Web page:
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What Are We? 12?

I've grown more and more accustomed to that phrase. Being on IRC, blogs, forums, mailing lists, and other forms of digital social gathering, it still never ceases to amaze me the responses that come out of people these days. Case in point? The tragic ending to what should have been a happy one. I'm referring to the news story that WKOW 27 in Madison, WI ran concerning a girl in college who dropped out, because Ubuntu was installed on her Dell laptop, and she couldn't install some software programs. WKOW, by the way, has run a follow up on the piece, showing the initial reaction of the Ubuntu community.

When I first read the story, I admit that I thought she was looking for a scapegoat to drop out, and Ubuntu on a laptop was the perfect excuse. Then, I started reading the comments, and I was floored by the community's reaction. Almost immediately, I found myself defending her and Ubuntu comment after comment. After letting the emotion settle for a bit, I re-read the article, this time paying attention to the smaller details:

  1. A Dell representative recommended that she stay with Ubuntu over Windows. This is a serious win for the Ubuntu community! When an OEM is recommending a Free operating system over a non-free, things are on the upswing for that OS.
  2. A Verizon representative said that they would send out a technician to get her Ubuntu install online. This is another serious win for the Ubuntu community! Verizon is willing to support Ubuntu as an operating system for their software.
  3. Lastly, the school said that Windows and Microsoft Office was not required for her courses, which means Ubuntu and would fit the bill nicely. Three out of three!

So, I ask: Why the backlash? One thing we need to understand as technical users, is the average user doesn't think to pull up Google to troubleshoot his or her problem. If something doesn't work as expected, such as putting the Verizon CD in Ubuntu, then it's broken to them. They're not going to pull up Google, and figure out how to make it work. They might call a family member if they have a computer expert in the family, but even then, the computer is still broken. Having just purchased a brand new laptop from Dell, and things not working as expected, she has every right to be upset.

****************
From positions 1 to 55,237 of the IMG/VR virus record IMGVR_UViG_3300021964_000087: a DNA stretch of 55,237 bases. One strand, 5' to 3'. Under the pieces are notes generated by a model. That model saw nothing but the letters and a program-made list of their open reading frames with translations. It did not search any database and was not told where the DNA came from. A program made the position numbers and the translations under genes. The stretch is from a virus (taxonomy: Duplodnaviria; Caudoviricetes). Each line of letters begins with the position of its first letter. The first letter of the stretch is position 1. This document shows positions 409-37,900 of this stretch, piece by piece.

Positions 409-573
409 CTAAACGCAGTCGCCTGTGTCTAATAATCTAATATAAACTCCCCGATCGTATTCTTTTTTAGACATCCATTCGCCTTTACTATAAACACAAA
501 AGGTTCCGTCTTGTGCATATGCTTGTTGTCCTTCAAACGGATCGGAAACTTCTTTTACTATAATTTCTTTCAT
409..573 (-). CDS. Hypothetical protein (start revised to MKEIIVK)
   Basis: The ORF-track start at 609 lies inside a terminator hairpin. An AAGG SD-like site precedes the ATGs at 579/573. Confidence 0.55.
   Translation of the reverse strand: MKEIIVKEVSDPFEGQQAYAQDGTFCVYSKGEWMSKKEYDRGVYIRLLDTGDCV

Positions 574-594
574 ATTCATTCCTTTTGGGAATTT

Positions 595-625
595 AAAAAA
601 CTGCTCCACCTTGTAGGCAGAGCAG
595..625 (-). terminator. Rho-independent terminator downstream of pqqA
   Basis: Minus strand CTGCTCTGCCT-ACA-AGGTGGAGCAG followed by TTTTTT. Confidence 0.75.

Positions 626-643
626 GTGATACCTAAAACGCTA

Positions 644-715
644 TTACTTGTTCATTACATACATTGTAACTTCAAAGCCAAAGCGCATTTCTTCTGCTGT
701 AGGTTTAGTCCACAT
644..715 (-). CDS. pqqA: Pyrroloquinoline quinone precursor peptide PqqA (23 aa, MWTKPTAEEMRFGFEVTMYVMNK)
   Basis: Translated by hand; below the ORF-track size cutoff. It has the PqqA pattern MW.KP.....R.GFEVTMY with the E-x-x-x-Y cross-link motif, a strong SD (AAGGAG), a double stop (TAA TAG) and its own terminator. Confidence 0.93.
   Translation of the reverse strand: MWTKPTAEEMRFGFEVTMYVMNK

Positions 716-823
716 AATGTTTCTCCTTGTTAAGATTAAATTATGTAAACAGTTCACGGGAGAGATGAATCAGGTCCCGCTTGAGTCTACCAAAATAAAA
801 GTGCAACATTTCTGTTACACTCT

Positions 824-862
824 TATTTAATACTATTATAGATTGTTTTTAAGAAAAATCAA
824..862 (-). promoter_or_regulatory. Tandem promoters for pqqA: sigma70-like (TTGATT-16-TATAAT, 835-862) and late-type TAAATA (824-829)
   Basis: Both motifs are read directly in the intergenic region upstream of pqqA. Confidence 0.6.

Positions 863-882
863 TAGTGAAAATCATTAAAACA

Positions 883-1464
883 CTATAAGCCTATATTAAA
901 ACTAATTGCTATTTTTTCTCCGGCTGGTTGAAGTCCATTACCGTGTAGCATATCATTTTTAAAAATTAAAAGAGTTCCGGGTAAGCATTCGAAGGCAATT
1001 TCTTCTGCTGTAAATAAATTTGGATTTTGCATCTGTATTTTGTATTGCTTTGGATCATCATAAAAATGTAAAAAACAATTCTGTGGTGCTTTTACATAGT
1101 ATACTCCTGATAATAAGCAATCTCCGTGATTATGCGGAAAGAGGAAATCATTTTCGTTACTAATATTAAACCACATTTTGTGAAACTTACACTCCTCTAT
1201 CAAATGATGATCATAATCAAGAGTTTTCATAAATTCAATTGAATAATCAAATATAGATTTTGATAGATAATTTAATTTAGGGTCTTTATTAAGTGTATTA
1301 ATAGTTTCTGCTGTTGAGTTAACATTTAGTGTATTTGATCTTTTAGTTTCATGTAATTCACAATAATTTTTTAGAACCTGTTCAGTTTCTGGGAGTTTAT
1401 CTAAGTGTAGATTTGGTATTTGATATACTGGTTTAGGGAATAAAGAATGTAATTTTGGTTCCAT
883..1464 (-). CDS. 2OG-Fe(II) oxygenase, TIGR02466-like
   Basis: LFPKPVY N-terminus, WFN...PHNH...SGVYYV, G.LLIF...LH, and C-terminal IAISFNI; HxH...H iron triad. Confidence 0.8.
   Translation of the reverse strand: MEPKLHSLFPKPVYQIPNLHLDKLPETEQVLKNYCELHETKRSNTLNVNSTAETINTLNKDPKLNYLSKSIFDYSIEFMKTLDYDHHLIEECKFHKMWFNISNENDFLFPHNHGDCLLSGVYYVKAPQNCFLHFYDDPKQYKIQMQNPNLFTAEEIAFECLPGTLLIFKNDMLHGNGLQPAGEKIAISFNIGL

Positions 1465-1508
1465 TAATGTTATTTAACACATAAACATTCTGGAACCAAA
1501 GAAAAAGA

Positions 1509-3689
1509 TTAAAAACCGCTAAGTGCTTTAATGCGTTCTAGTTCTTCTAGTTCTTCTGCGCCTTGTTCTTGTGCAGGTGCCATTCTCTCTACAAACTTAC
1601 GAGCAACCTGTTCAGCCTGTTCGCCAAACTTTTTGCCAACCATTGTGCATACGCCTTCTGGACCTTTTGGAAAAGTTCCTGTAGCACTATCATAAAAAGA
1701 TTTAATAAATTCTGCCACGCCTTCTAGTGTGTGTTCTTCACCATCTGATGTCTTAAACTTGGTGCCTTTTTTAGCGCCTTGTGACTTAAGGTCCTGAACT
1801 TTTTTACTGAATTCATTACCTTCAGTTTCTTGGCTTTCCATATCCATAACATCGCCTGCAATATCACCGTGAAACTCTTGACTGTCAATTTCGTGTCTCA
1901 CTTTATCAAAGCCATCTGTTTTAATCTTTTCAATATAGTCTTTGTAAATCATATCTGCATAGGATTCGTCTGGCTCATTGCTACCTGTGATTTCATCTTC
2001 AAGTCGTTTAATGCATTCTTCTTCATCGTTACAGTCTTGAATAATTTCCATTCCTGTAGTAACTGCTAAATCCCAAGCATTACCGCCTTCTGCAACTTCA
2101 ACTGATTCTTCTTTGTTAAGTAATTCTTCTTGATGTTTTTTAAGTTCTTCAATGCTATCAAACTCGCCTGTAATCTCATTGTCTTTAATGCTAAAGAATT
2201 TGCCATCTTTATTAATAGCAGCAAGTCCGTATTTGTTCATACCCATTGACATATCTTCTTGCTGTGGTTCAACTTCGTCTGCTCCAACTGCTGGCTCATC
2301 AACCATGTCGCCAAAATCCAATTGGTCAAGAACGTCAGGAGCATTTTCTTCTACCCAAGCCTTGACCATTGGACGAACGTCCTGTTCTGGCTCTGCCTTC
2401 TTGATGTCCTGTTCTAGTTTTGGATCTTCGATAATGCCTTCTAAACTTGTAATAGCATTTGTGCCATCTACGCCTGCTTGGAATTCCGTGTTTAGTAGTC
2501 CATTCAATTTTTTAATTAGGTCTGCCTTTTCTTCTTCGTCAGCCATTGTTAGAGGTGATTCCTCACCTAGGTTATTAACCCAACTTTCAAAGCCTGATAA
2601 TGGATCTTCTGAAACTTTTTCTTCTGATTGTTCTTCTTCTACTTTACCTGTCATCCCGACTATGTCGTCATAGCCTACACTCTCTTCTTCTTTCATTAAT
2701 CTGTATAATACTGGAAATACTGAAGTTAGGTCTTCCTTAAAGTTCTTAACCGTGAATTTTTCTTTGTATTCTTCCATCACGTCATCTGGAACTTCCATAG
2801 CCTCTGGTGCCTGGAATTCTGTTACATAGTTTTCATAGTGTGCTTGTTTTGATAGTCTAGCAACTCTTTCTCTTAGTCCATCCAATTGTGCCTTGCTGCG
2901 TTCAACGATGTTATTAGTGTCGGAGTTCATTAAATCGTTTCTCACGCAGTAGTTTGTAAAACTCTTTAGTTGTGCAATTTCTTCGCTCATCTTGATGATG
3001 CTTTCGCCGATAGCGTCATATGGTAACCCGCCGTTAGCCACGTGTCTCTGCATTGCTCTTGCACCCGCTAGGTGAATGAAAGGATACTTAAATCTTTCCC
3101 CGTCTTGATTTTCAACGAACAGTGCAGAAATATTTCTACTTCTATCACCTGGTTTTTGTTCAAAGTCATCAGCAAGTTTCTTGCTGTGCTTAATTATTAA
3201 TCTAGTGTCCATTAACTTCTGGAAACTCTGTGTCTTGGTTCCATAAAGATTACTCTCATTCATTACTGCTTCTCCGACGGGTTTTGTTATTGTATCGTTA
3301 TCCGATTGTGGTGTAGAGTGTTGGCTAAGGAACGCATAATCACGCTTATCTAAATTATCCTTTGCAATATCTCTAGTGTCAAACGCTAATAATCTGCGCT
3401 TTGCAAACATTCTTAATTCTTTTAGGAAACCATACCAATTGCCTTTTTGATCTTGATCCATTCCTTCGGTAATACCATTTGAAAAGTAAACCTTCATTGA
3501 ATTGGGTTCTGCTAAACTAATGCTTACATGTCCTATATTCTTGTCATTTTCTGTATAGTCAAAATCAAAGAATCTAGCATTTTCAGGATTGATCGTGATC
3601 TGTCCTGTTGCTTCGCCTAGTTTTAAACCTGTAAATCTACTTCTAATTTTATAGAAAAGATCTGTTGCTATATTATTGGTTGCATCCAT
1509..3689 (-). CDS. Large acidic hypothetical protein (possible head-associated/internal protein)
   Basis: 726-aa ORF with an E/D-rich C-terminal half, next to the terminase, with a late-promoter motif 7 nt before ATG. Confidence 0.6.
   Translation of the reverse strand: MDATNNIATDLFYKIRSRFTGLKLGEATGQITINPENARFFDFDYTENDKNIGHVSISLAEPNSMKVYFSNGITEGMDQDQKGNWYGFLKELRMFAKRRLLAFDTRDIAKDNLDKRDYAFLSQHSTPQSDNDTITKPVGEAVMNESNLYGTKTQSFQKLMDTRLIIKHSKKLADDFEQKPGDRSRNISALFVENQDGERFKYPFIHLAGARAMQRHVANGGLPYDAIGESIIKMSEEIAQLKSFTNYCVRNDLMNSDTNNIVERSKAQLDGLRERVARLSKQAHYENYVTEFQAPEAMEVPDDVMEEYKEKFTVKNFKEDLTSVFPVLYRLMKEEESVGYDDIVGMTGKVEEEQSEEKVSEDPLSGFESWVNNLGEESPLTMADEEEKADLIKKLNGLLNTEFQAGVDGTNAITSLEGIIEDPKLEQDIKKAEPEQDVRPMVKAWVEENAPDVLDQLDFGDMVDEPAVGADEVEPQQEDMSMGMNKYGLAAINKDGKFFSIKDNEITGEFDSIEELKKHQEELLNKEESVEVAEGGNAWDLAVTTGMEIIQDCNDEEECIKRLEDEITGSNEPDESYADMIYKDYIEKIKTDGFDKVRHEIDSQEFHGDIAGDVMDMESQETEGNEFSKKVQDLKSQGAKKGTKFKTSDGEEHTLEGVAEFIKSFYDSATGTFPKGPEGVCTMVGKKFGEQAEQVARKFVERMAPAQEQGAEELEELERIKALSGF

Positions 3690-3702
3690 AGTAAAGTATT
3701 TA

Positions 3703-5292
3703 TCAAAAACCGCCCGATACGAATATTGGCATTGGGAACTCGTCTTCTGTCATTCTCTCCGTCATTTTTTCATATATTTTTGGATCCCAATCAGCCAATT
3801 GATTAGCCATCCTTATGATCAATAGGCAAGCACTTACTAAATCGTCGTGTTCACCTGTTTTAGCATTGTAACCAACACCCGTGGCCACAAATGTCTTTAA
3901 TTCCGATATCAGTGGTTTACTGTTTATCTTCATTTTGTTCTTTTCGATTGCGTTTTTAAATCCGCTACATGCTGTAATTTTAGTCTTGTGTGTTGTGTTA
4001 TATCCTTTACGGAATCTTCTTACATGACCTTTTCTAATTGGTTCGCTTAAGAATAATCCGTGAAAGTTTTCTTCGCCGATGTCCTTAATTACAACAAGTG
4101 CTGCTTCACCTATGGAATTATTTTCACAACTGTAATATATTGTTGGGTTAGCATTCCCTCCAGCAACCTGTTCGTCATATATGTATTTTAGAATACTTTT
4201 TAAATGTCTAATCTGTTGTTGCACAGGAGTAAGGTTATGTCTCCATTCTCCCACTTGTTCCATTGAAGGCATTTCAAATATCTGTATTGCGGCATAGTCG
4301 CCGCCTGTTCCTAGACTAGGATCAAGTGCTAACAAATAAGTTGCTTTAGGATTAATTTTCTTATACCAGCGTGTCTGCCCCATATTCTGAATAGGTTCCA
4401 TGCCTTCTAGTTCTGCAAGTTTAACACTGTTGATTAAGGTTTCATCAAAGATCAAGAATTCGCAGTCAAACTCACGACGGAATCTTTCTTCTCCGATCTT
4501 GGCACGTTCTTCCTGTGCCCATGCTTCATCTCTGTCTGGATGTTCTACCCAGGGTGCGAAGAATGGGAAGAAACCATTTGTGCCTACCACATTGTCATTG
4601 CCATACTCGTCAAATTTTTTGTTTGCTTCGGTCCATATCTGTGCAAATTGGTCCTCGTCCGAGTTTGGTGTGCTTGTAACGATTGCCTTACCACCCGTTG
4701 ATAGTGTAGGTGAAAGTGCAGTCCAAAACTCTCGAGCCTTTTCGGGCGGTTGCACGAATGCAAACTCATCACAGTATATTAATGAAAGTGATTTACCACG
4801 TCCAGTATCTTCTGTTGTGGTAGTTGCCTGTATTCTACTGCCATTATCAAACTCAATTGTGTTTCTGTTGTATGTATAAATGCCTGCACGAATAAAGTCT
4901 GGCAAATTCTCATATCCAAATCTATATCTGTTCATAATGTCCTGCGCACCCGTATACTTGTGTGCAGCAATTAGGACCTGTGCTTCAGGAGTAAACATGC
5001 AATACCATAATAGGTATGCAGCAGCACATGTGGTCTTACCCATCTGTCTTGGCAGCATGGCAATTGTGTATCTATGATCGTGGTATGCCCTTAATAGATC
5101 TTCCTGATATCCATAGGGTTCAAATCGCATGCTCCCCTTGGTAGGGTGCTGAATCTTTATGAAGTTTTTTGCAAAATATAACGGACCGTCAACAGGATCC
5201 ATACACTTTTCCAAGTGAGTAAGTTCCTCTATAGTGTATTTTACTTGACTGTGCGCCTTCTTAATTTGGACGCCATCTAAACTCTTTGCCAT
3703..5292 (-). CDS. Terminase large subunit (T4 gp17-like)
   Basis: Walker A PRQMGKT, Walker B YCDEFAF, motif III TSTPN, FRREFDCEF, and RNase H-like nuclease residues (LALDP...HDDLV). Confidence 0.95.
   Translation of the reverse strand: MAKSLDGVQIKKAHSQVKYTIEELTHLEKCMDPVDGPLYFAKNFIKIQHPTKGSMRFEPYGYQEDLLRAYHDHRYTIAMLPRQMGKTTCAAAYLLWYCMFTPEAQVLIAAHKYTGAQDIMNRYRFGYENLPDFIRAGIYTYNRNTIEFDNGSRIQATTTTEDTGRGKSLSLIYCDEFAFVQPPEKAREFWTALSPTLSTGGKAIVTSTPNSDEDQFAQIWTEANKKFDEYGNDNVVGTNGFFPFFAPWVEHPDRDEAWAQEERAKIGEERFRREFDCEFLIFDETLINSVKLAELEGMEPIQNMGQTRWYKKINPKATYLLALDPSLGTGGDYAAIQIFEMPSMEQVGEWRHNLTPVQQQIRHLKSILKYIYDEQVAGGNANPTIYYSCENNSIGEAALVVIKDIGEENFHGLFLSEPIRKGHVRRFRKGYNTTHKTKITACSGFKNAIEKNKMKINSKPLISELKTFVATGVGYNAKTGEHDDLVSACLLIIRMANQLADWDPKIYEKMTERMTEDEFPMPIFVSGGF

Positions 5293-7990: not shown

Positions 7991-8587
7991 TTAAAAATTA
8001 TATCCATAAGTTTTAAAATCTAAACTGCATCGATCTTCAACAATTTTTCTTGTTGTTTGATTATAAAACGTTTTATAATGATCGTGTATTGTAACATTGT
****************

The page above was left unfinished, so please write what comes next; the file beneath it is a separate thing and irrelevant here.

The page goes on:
Yet, everything came out positive for her, and the community responds the way it does. This story should have been a positive one for our distribution. Instead, it turned into a heated attack against her, and the news agency. Whether or not these attackers are Ubuntu users or Windows users or Mac users, it matters not. What matters to me is the maturity level of the response. Which brings me to the title of my post:

"What are we? 12?"

Look at the details of the article. Look at how three organizations were willing to handle her specific case. She looked for support, and got it! Dell, Verizon and her school should be touted as heroes! They came to her rescue, and then we respond the way we do. I found our response unfortunate, sad, and very disappointing. Linux won't succeed on the desktop if these are the cards we play.

{ 20 } Comments

  1. oliver | January 16, 2009 at 10:31 am | Permalink

    "Look at how three organizations were willing to handle her specific case. She looked for support, and got it!"

    Maybe I'm overly pessimistic, but I suppose it's rather that "WKOW looked for support and got it". The media backing has probably helped quite a lot in this specific case.

    "They’re not going to pull up Google, and figure out how to make it work."

    That's an interesting point. If Ubuntu wants to reach amateurish end users, maybe it needs to be even more offensive about leading people to help forums and IRC?

    Personally, I wouldn't recommend any non-technical user to set up his computer on his own anyway, no matter whether it's Linux or Windows - it's way too inefficient and frustrating. And having a somewhat-expert (a friend or colleague) directly available for questions is minimum.

  2. Aaron | January 16, 2009 at 11:07 am | Permalink

    No, Ubuntu users don't need to be more offensive in bringing people to the fold. That certainly isn't a way to be successful. The way to success is education, not offensive tactics. This is exactly why Red Hat and Slackware haven't succeeded on the desktop- RTFM gets everyone no where.

    Your last point is exactly how we need to approach the problem. We need to educate people where to turn for support.

  3. Nathaniel McCallum | January 16, 2009 at 10:33 am | Permalink

    Why doesn't Ubuntu add a feature? When you insert a CD, if it is obviously a Windows CD (AUTORUN.INF, etc) Ubuntu should check against a known database. This database will prompt something like:

    This CD was intended to run on the Microsoft Windows Operating System. You can:
    1. Download the linux version of this software ($URL)
    2. Use an open source application that has equivent features (automatically install similar software)